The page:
The film is constructed in three parts, one for each killer, but there's no reason any of them should run longer than 20 minutes. Instead, the whole film runs over two hours.
As a McQueen fan, it's distressing seeing him pressing so hard, overemoting when he confronts one of the other killers, played by Martin Landau: "Jesse Coward! Jesse Murderer! Jesse Woman Killer!" McQueen didn't scream well on camera. He also hooks up with two different women, Janet Margolin as a Kiowa maiden and Suzanne Pleshette as a Cajun laborer, neither of whom are remotely believable in underwritten roles and seem sops to McQueen's growing female fanbase.
At least there's some good moments amid the chaff, like a sequence where McQueen beats the stuffing out of a cowhand to win an amused Fitch's respect. Lucien Ballard's full-screen compositions show why he was the lensman for so many classic 1960s westerns, including Hathaway's later "True Grit". And Brian Keith as Jonas Cord, a gun dealer who befriends Sand, steals every scene he's in with gentle digs and sighs that reminds one of how terrifically Hathaway used John Wayne in "Grit": "You don't drink? Where you're going' you better study up!"
But when Keith's not on screen, "Nevada Smith" is no fun to sit through. It's an odd western, overbaked but underdeveloped, lacking the courage of whatever passes for its convictions. "You're yella! Ya haven't got the guts!" is the last line we hear before the credits roll...sadly appropriate.
What makes this movie so much better than most westerns is the cast. Every speaking part is handled by a true professional and although the story line has been much used over the years, everyone should view this movie to enjoy one great performance after another. Steve McQueen, Brian Keith, Karl Malden, Arthur Kennedy, Susan Pleshette, John Doucette, you just don't get a finer cast than that. This is a must see for all serious film buffs. I rated this an 8.
What I think is the biggest problem with Nevada Smith is casting a 40 year old blond with blue eyes to play a 16 year old half Native American. It is distracting throughout the whole story. Sometimes it is even ludicrous because a couple of times people seem to recognize on sight that he is Native American. Couldn't they have at least dyed his hair black and give him some contact lenses for Pete's sake? And what was supposed to be a sweet "coming of age" scene with the young Native American girl just looked WRONG. Steve McQueen was a good actor and all, but throughout the whole movie I was using my imagination replacing him with a young Bronson or someone a little more appropriate to the character he was playing.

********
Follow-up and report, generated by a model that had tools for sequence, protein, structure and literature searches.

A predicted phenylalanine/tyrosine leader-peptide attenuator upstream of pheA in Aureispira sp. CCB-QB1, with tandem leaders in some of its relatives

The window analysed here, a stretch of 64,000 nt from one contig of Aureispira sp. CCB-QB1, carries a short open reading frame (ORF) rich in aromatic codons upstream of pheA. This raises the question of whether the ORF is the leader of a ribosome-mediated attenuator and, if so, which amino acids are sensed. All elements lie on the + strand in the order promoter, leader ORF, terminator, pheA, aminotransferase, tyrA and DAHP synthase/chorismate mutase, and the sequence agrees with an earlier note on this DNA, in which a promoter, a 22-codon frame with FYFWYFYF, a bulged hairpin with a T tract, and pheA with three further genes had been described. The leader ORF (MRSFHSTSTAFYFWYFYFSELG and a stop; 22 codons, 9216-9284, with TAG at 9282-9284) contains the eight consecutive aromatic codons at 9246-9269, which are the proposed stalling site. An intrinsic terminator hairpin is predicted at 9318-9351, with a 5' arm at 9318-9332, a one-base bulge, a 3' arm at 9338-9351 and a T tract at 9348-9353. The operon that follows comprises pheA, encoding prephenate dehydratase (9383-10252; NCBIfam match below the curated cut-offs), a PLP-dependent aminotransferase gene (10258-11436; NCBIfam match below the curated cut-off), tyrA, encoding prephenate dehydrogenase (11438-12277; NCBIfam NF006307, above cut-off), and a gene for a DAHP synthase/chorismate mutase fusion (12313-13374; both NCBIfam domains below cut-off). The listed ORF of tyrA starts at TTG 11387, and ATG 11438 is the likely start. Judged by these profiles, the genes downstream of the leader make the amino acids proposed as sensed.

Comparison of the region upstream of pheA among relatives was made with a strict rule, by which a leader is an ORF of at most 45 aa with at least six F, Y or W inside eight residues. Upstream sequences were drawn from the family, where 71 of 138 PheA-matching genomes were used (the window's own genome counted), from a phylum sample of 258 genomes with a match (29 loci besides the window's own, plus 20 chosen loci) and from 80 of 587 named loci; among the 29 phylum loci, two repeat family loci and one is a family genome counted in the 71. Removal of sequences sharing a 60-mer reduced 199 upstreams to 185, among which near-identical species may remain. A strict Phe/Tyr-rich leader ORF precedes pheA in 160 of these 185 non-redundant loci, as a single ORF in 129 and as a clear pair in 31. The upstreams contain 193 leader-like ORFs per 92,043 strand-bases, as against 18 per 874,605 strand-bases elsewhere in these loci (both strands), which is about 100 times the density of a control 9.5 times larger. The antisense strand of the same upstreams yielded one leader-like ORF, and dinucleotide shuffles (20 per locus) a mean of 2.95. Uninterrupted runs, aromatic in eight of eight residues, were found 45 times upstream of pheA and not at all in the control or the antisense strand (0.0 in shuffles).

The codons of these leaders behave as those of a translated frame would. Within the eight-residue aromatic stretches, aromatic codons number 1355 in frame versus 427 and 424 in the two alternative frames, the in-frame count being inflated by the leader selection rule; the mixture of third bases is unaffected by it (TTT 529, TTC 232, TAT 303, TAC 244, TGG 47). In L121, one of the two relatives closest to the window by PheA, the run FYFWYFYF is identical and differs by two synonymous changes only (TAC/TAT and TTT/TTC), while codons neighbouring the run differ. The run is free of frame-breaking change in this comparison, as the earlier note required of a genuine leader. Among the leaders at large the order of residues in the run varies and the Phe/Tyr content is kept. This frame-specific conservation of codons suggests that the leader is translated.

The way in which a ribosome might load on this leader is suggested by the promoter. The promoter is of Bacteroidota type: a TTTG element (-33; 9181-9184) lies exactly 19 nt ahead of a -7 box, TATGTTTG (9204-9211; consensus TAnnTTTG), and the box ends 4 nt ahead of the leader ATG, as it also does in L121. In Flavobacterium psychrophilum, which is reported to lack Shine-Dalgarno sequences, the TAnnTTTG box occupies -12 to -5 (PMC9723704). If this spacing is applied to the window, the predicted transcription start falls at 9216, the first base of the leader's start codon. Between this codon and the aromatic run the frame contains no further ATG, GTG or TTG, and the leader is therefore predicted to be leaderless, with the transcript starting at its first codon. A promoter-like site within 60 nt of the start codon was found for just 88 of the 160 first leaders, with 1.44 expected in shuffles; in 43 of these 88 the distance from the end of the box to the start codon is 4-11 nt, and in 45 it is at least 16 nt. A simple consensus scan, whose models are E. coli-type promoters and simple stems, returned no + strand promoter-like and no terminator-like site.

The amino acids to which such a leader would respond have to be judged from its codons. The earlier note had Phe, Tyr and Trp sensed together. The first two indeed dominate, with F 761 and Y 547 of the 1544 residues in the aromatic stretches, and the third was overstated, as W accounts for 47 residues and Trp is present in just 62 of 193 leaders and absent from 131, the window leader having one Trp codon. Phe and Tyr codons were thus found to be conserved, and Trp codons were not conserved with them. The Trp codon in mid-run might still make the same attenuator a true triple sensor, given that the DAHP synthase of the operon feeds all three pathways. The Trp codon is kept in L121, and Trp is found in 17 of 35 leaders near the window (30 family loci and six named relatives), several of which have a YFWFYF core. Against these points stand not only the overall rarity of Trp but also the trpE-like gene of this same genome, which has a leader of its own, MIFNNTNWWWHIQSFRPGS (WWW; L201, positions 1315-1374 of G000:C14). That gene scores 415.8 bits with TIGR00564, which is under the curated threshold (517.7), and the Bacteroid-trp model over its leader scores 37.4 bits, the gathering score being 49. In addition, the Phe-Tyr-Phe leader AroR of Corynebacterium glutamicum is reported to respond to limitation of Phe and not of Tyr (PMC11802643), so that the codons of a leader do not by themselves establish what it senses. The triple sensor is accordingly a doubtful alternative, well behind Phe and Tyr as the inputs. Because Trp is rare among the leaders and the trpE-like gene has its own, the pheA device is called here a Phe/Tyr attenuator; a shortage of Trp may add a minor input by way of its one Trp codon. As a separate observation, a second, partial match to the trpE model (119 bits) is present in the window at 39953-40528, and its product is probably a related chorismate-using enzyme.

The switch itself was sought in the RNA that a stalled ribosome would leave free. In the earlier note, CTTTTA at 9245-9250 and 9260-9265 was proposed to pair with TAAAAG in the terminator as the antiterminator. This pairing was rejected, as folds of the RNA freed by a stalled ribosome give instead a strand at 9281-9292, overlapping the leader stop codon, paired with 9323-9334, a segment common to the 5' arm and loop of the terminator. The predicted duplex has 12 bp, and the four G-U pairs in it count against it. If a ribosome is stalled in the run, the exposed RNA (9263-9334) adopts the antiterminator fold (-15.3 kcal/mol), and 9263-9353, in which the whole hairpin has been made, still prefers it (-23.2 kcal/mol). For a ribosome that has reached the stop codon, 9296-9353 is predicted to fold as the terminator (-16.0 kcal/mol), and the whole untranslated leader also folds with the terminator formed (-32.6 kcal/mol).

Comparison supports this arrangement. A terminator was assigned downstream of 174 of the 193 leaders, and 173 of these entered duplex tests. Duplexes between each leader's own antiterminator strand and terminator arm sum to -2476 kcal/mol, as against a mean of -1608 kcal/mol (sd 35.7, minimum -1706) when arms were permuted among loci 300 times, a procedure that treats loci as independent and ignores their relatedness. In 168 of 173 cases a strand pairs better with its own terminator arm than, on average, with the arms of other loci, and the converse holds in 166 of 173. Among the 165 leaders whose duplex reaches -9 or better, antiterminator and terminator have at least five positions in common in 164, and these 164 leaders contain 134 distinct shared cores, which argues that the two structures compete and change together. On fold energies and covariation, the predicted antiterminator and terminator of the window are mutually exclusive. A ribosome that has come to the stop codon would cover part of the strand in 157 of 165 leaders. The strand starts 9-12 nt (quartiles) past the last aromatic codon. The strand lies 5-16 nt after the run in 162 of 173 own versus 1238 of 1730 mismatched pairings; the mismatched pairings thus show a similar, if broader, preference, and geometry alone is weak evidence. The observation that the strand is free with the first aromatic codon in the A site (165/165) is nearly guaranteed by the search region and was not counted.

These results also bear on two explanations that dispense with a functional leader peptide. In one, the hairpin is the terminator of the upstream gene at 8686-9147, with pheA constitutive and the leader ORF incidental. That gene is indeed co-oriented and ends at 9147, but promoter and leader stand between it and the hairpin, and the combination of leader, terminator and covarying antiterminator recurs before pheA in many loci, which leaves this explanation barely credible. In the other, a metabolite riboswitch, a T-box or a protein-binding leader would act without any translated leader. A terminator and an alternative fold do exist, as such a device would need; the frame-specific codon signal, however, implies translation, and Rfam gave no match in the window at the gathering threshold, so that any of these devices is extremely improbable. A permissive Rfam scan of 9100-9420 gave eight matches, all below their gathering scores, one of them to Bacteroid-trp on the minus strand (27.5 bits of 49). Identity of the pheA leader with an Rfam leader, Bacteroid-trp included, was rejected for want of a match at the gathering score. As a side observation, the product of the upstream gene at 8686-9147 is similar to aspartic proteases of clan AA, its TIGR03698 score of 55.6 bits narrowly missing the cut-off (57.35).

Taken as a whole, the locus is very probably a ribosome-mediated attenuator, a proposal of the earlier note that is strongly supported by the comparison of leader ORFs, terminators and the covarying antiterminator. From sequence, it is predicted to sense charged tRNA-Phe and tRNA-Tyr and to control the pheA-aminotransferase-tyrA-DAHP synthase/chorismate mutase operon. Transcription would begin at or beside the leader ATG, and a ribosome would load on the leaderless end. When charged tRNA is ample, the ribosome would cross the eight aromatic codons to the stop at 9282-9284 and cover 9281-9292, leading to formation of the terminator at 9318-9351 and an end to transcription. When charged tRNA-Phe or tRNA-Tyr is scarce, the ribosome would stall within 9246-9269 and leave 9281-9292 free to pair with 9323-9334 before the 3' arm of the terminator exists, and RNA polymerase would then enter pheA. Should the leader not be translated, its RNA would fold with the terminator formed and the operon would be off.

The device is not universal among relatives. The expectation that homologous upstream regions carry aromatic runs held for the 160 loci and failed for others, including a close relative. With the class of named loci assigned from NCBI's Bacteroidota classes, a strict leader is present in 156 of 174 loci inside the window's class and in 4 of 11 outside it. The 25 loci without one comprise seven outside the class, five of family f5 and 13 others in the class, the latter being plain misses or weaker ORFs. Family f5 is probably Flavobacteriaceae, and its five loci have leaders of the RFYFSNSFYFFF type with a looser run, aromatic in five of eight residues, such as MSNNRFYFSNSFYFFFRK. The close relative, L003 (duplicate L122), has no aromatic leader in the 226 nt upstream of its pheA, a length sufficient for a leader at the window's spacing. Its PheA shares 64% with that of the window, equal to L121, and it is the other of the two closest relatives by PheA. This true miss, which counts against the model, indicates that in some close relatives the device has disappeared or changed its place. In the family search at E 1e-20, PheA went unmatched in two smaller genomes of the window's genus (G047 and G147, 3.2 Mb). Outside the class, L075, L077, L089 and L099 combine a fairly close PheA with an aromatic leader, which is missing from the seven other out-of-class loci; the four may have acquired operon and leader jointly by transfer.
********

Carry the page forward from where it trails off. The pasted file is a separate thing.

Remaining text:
*** This review may contain spoilers ***
Good scenery, great cinematography and good music score do not a movie make. Good plot, but executed in a strange way. STEVE MCQUEEN is MUCH, MUCH, MUCH to old for the role. He also kind of "sleep walks" thru this. Maybe he didn't have much faith in the script. SUZANNE PLESCHETTE is wasted in a nothing role. In fact she's totally miss cast. The three villains score my vote for good performances. An uncredited JOANNA MOORE has a nice bit in a hotel room with MCQUEEN. Picture could have used more of her. SPOILER ALERT: Now for the worse part. How did MCQUEEN get out of the swamp and get out of his prison chains and end up in California with no one noticing??? A real plot hole here unless there was a giant cut in the final edit. If so, that was DUMB. Picture was OK until that point, and what follows is pretty bad. Again maybe to jagged editing. Nothing makes much sense. Too bad as NEVADA SMITH has the makings of a good film.
Though there isn't much here that you haven't seen before in a western
revenge drama, it's pretty well done. You can understand why the protagonist
turns away at any chance of a normal life and instead concentrates on
nothing but revenge. And it is undeniably satisfying to see him enact his
revenge any chance he gets.
It's good for what it is, though there are some problems, that if tweaked, could have made the movie even better. For one thing, casting McQueen as a half-Indian? And casting this mid-30s actor as a character that's supposed to be young enough to be called "Kid"!?!? Plus, the escape from the swamp doesn't seem finished; in fact, with the short sequence where one of McQueen's pursuers commenting on the bullets he has left makes me believe that several minutes were edited out before the movie was released.
Henry Hathaway directs this successful, but lumpy, wayward western-drama scripted by John Michael Hayes, featuring a title character originally introduced in Harold Robbins' book "The Carpetbaggers" (making this film a prequel of sorts). Steve McQueen is the young half-breed avenging the deaths of his parents by heartless cowboys Karl Malden and Arthur Kennedy; Brian Keith plays a mentoring, sympathetic gun-salesman who teaches Steve how to shoot; Suzanne Pleshette is a love-interest from the backwoods. Overripe scenario gets big boost from charismatic McQueen, excellent as usual. The supporting work from the men is also strong, though attractive Pleshette hasn't gotten a handle on her role and remains a puzzlement. The story strays all over the place, but Hathaway's pacing never drags and it's quite a good show for both western-buffs and soap fans. **1/2 from ****